Building a Generation of Change Agents
When Martin Luther King Jr. led the Montgomery Bus Boycott, he was twenty-six years old. At twenty-four years old, Gandhi began his movement against racist pass laws in South Africa. Jane Adams started Hull House at the age of twenty-eight. The Dalai Lama led his people out of occupied Tibet into India before he was twenty. These individuals all led prominent and impactful movements and left their mark on history. What is also particularly impressive is that they did so at a young age, breaking barriers and challenging the status quo.
In a world with more young people than ever, it is critical to acknowledge their capacity to be catalysts of action and key players in realizing change.
Today’s youth are coming of age at a time of not only great social, political, and environmental challenges but also one with vast potential and opportunity to define the world’s response to those challenges through technology, innovation, civic engagement and community building.
Recognizing this, where do we start? What do young people need to find their voices and have them heard, and how are institutions and other actors across sectors best positioned to provide young people the opportunity to channel their spirit and capacity to foster positive change?
To begin such a conversation, The Rockefeller Foundation Bellagio Center is hosting a special Thematic Residency on “Youth as Agents of Transformative Change.” From July 24th to August 9th, 2017, a select group of residents from around the world and from across sectors and disciplines will come together to tackle these questions from a range of perspectives. These residents include activists in youth-led social movements; artists exploring feminism and multiculturalism through music, composition, and fiction; academics studying education, literature, and dance; and practitioners cultivating youth talent pipelines in the private sector and thinking about the support services youth need to be successful.
The Bellagio Center Residency Program provides selected artists, academics, and practitioners from a variety of disciplines and geographies the time and space to advance their individual projects while also connecting them with a diverse cohort of accomplished and talented peers. Thematic Residencies purposefully bring together a group of residents around a shared theme, providing an opportunity to more deeply engage in one another’s work and surface new connections and perspectives. The first ever Thematic Residency at the Bellagio Center took place in 2016 and focused on the cross-cutting theme of Human Behavior.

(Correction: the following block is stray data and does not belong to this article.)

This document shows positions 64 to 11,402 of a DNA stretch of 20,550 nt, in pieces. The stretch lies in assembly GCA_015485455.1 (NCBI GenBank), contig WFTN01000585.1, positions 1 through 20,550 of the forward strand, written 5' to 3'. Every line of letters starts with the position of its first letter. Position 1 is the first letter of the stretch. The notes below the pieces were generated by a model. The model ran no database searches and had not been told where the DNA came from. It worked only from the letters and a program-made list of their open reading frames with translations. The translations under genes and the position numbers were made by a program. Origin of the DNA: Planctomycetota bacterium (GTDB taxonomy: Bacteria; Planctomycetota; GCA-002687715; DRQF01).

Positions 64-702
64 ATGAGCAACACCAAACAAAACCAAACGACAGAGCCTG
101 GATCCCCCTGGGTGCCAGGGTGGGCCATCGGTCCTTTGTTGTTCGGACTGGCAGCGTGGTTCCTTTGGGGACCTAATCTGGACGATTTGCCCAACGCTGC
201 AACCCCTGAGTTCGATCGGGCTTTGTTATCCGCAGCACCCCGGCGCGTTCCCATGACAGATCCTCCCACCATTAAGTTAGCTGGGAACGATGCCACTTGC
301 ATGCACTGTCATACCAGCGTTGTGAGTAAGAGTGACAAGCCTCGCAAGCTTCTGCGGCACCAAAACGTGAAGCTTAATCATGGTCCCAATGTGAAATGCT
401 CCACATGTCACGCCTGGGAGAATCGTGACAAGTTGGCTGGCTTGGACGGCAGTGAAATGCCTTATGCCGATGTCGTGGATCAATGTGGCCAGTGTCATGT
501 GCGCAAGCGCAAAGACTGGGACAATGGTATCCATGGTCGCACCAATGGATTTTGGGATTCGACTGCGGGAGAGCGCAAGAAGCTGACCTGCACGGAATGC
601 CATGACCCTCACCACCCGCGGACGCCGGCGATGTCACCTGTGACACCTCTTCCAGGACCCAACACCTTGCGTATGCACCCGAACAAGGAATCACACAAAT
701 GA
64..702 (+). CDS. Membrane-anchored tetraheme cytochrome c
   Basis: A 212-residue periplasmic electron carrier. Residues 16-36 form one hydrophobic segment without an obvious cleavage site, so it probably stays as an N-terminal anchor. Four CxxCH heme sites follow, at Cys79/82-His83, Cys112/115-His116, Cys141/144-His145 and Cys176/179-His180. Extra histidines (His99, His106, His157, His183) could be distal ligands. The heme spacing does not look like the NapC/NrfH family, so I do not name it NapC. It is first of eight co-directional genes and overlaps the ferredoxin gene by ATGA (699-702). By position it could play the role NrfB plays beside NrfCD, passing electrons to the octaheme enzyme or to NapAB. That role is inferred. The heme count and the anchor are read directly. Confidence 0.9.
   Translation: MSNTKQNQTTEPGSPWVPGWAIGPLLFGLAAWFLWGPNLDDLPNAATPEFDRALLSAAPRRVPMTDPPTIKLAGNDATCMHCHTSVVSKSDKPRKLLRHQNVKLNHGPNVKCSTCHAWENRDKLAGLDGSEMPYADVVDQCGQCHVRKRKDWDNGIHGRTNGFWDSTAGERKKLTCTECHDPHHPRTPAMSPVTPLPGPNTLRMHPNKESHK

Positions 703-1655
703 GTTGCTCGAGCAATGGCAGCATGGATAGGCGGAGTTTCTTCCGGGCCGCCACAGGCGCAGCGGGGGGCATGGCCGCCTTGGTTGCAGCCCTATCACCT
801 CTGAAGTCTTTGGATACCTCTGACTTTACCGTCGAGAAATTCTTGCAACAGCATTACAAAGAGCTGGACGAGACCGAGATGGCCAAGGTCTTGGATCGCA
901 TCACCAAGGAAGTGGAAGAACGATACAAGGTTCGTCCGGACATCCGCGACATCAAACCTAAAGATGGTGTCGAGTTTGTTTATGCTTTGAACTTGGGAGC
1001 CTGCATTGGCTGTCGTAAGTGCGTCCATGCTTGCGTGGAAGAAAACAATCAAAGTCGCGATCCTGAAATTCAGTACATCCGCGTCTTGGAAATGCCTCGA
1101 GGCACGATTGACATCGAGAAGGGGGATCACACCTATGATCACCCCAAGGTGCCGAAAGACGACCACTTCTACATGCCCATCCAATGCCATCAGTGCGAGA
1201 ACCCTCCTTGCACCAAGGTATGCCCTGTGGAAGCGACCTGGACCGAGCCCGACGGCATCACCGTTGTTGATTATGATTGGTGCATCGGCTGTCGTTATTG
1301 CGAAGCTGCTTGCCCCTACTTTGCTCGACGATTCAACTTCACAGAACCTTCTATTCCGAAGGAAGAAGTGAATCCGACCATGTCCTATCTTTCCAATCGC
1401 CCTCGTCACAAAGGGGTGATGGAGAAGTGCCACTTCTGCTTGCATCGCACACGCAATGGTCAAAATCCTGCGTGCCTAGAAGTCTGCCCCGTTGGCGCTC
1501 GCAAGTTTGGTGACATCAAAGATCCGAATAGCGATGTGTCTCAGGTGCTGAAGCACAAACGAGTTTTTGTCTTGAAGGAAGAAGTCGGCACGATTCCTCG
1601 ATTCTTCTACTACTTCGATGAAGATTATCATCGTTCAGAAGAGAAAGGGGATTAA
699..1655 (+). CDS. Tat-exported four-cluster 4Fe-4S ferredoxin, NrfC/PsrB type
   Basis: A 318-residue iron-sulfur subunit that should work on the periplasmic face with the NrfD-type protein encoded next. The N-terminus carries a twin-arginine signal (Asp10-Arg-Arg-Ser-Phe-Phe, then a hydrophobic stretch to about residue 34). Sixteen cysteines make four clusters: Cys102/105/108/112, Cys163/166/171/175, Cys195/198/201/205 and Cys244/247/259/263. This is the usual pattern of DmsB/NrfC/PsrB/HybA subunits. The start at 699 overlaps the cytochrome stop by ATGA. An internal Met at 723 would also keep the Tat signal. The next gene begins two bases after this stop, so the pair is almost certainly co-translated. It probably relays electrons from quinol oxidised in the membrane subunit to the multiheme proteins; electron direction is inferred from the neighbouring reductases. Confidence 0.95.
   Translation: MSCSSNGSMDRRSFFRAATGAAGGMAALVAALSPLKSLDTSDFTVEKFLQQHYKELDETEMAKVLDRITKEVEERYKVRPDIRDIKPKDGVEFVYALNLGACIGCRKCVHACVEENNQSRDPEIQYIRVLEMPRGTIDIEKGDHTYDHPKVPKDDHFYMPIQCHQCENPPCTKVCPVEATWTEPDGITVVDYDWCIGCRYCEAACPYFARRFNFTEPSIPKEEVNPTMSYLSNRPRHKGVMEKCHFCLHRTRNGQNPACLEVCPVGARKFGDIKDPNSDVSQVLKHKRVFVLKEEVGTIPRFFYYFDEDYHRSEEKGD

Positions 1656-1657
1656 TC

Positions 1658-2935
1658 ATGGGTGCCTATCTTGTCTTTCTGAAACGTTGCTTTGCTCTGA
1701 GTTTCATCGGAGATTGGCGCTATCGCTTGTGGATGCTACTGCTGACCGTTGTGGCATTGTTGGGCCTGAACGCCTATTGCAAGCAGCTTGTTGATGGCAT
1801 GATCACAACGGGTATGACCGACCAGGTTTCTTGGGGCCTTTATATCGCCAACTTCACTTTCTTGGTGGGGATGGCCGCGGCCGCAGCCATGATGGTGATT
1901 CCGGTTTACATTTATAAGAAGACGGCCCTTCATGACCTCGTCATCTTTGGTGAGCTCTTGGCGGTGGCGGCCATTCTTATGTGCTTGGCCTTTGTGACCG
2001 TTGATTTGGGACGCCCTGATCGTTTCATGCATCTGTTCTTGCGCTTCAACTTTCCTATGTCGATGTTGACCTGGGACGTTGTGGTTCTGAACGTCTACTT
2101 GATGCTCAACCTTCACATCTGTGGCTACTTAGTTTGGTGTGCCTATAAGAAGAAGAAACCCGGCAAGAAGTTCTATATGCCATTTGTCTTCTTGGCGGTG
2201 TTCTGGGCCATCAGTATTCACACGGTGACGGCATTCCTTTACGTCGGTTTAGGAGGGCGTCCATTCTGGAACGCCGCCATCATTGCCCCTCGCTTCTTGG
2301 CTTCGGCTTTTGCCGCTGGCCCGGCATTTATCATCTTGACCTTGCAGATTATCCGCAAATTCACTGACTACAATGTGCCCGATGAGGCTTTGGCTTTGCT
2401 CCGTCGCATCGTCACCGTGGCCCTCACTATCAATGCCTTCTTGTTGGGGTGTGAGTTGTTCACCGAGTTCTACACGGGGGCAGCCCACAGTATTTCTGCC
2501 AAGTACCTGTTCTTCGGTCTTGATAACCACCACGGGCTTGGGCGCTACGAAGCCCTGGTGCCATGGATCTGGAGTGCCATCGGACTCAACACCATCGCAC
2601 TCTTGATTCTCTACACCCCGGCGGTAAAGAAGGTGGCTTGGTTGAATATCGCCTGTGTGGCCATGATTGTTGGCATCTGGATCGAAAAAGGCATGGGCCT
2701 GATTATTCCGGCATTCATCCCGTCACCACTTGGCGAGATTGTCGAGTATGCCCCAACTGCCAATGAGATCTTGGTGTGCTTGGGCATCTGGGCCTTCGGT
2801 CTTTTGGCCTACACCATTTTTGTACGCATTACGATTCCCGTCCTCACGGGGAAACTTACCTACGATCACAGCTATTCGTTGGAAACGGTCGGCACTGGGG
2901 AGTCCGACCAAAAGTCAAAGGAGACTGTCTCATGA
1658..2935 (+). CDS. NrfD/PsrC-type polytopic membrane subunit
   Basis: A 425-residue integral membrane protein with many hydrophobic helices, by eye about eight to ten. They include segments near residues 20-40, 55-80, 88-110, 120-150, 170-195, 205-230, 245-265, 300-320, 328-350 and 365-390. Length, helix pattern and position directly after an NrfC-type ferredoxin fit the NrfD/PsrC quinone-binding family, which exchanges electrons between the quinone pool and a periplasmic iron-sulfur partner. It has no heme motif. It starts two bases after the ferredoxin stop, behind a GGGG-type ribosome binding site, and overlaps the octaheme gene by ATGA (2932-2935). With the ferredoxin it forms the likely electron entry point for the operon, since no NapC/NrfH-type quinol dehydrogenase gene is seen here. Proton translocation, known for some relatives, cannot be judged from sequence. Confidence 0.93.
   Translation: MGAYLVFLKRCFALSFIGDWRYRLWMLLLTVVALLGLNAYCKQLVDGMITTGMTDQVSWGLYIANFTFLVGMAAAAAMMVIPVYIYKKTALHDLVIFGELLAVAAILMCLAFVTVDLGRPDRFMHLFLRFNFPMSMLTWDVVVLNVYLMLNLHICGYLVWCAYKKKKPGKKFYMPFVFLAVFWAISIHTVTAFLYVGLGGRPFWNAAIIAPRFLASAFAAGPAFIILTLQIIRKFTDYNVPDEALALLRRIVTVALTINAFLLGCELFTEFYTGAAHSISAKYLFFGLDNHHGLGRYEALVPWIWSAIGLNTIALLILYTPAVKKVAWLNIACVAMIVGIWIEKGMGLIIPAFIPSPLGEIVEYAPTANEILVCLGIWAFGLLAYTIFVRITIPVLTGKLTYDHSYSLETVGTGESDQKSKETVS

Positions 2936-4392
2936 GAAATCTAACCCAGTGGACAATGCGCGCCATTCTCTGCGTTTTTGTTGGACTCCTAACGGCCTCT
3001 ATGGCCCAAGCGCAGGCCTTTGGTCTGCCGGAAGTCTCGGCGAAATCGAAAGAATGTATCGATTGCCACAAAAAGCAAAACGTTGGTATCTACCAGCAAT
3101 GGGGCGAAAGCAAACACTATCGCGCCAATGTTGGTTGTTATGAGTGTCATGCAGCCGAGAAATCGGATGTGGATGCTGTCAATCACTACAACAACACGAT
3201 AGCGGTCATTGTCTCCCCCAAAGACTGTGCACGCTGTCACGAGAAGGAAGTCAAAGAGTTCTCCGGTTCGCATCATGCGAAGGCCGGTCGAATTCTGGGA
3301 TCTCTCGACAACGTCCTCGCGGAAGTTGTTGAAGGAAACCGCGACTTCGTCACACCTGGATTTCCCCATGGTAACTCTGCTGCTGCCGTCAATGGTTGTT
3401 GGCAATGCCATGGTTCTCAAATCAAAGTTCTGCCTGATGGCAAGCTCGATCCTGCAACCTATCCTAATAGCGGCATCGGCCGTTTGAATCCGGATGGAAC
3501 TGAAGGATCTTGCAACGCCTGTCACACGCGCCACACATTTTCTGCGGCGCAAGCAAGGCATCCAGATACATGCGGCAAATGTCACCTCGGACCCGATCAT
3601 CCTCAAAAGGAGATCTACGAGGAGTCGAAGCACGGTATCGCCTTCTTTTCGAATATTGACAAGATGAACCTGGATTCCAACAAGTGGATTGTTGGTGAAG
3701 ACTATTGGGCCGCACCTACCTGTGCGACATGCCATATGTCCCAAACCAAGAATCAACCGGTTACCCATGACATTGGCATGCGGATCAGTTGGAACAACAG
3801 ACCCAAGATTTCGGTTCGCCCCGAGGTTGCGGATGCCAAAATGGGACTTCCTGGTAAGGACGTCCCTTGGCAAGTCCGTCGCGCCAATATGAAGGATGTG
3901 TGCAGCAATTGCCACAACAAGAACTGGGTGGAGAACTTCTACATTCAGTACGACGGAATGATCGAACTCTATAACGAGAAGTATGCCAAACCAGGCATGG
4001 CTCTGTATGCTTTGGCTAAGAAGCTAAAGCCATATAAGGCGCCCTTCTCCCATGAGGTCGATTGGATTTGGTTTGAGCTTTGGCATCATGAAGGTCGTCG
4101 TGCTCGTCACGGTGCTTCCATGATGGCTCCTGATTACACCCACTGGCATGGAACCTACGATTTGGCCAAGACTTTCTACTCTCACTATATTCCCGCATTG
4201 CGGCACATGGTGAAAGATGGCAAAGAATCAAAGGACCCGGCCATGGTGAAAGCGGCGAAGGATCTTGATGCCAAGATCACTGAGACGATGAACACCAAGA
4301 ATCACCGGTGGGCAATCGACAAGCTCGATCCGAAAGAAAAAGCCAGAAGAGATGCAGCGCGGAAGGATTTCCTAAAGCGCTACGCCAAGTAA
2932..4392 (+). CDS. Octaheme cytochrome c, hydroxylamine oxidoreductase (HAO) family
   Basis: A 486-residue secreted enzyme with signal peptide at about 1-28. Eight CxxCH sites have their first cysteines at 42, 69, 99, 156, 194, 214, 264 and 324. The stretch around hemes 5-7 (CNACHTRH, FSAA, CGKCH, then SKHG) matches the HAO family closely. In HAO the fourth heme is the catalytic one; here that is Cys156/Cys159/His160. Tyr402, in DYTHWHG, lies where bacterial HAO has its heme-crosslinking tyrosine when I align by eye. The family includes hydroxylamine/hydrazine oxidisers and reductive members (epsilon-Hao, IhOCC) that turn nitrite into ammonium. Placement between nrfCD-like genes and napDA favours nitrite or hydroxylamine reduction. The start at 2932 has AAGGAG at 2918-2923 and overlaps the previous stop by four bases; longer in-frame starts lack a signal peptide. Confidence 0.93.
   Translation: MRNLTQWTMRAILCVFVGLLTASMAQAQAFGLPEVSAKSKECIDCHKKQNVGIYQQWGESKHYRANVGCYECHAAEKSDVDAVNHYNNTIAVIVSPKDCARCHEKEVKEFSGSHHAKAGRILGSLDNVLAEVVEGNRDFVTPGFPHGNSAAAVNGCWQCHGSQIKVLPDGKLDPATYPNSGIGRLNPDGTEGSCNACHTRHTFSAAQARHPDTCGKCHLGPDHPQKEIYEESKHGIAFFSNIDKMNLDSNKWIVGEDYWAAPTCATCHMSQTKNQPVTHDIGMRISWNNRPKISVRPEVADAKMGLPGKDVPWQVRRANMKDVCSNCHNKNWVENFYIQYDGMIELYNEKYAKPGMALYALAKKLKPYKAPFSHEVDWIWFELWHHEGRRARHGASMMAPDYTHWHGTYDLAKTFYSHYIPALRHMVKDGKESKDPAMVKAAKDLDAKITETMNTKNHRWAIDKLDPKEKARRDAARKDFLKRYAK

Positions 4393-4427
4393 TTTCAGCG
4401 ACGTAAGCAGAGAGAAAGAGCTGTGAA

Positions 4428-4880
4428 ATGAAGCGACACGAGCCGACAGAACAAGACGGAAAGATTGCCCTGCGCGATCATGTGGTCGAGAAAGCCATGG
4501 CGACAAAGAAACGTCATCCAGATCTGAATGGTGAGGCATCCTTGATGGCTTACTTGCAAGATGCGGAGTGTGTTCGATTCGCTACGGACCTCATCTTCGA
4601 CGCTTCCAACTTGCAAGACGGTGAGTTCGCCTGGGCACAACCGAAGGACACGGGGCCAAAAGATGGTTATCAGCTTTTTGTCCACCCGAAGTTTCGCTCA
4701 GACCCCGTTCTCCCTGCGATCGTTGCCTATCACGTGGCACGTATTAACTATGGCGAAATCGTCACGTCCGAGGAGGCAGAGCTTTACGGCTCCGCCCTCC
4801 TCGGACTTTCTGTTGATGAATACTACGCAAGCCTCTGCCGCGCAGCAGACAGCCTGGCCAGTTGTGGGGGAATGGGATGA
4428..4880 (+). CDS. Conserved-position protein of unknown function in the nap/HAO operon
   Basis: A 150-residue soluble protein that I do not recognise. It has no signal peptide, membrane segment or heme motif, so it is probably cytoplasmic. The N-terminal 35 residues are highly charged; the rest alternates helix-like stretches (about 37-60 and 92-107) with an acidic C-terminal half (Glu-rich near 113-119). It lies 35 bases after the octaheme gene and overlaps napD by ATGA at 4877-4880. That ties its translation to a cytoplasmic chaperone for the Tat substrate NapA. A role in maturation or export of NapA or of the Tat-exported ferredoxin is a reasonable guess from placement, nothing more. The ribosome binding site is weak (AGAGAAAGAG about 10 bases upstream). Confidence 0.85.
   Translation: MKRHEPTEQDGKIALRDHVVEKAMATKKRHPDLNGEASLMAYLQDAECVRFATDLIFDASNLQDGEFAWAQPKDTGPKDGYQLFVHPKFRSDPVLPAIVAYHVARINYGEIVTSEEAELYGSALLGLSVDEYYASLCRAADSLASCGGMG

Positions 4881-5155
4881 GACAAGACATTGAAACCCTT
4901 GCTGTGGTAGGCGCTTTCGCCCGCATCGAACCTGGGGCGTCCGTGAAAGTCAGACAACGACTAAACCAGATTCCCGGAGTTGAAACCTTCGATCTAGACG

While at the Bellagio Center, these residents will work on their individual projects and also spend time together discussing the many facets of the overarching youth theme. In advance of their arrival at Bellagio, residents provided examples of the kinds of questions that are already top of mind, which surfaced three initial areas of interest as a starting point for discussion.
- Connection: How are the connections young people have with one another and with their communities important for driving change? How can the unprecedented degree of technology available today expand these connections in positive ways?
- Shifting Systems: How and where do youth have a unique ability to change the status quo? How can social, political, and economic systems best support and respond to youth as they try to build prosperous futures?
- Action: What moves youth to action and how can they effectively realize their vision for the future?
Over the course of the residency, new questions will, of course, emerge as residents spend time together and share their work, ideas, and expertise. We look forward to sharing more as the residency begins.
The resident fellows selected for this Thematic Residency include:
Monisha Bajaj, University of San Franciso, Academic Writing Resident
Aya Chebbi, Afrika Youth Movement, Policy Fellow Resident
Henry De Sio, Ashoka, Practitioner Resident
Kiran Gandhi, Madame Ghandi LLC, Arts & Literary Arts Resident
Maryana Iskander, Harambee Youth Employment Accelerator, Policy Fellow Resident
Ananya Jahanara Kabir, King’s College London, Academic Writing Resident
Laurentien van Oranje-Nassau, Missing Chapter Foundation, Policy Fellow Resident
Khary Lazarre-White, The Brotherhood/Sister Sol, Practitioner Resident
Joshua Marquez, Composer, Arts & Literary Arts Resident
Mark McCord, Young African Leaders Network, Policy Fellow Resident
Anna Penido, Inspirare Institute, Practitioner Resident
John R. Rickford, Stanford University, Academic Writing Resident
Esra’a al Shafei, Majal.org, Practitioner Resident
Novuyo Tshuma, University of Houston, Arts & Literary Arts Resident